Getting MEMS Gyros Into Your Designs

3rd June 2013
Posted By : ES Admin
Getting MEMS Gyros Into Your Designs
MEMS gyros and accelerometers are now incorporated into a broad range of consumer electronic devices, becoming an essential component of automotive navigation and electronic stability control systems. But, how do they work and what does an engineer need to consider when contemplating designing-in a MEMS gyro to their end-product? By Ulf Meriheinä, Senior MEMS Application Specialist at Murata Electronics.
MEMS gyros and accelerometers manufactured by Murata use a capacitive detection approach where one or more capacitors change value with an applied mechanical signal. The accelerometer includes one or more (multi-axis) proof masses that sense gravity and acceleration. The force generated on the proof mass is then gauged with a silicon spring converting it to a deflection, to be sensed as a change in the distance between one or more pairs of capacitor plates.

This technology makes it straightforward to achieve various levels of damping by modifying the gas pressure of the cavity where the proof mass is located. Typical levels of damping are over-damped, critically damped or under-damped. Multi-axis elements are generated by shifting the location of the centre of gravity of the proof mass relative to the spring suspension, shifting the axis of rotation.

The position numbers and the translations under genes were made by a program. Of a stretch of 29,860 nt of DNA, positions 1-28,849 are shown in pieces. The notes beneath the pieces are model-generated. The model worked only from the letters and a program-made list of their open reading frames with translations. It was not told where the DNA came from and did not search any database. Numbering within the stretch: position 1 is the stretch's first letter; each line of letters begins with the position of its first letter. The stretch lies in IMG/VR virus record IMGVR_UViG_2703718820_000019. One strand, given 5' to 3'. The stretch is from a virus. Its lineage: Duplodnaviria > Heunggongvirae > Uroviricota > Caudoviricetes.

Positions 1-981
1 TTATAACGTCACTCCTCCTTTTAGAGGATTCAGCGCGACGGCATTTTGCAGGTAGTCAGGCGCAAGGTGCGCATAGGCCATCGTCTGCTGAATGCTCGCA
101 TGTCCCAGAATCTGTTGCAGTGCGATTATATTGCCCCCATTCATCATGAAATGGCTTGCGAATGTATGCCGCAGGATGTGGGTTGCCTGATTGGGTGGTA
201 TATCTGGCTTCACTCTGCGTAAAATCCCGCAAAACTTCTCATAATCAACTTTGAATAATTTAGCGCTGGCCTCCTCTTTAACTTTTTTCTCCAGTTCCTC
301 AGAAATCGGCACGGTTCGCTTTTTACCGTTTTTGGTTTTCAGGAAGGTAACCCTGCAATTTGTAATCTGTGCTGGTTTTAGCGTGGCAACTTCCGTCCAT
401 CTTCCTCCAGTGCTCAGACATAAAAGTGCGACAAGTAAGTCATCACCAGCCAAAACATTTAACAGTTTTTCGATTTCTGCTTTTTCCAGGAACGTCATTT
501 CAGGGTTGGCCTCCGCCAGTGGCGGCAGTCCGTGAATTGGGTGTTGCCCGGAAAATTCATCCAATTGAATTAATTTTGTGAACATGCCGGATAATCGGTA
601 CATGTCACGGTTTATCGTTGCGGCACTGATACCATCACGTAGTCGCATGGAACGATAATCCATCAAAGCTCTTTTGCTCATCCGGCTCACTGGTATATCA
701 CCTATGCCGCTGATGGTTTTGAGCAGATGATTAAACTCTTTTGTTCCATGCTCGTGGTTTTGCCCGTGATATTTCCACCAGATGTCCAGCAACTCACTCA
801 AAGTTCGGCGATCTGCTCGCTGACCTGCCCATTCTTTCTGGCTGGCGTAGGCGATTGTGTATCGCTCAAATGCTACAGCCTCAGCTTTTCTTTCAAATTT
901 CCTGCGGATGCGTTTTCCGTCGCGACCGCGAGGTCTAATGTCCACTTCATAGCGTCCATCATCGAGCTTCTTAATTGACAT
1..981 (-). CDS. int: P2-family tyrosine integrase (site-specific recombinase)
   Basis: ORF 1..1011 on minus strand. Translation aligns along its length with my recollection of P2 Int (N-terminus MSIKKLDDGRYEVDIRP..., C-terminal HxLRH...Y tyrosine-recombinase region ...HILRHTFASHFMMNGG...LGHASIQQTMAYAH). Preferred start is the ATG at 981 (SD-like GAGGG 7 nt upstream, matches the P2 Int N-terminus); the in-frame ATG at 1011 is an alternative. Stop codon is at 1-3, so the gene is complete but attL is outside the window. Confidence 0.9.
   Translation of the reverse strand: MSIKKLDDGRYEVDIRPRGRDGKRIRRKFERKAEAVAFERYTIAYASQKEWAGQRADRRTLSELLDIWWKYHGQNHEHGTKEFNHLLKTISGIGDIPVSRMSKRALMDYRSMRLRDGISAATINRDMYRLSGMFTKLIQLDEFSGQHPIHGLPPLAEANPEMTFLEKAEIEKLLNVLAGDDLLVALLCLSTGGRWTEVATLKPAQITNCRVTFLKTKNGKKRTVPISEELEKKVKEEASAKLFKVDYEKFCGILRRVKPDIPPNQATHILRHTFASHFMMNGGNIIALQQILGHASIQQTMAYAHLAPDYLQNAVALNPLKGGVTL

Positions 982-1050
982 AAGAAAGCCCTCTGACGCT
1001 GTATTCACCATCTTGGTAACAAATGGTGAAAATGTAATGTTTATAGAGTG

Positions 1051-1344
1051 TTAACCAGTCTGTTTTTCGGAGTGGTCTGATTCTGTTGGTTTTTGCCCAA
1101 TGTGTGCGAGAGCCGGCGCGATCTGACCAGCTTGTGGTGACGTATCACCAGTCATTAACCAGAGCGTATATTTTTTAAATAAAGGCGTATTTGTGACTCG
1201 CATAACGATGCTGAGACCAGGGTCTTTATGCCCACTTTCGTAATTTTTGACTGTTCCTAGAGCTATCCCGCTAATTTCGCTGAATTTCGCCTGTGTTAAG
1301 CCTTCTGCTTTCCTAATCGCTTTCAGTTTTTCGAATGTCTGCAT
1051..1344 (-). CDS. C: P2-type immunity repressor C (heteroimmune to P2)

The springs are made of single crystal silicon, providing a very stable transfer function with a temperature dependence of gain close to that of the elastic constant of silicon, i.e. less than 1% over 100°C, which is easy to compensate for. The symmetrical structures result in internal self-compensating effects, giving a very stable zero point over temperature and time. The large signal from the sensing element makes the design of the interface electronics easy and enables optimisation for very low power, very high resolution or high speed (little filtering).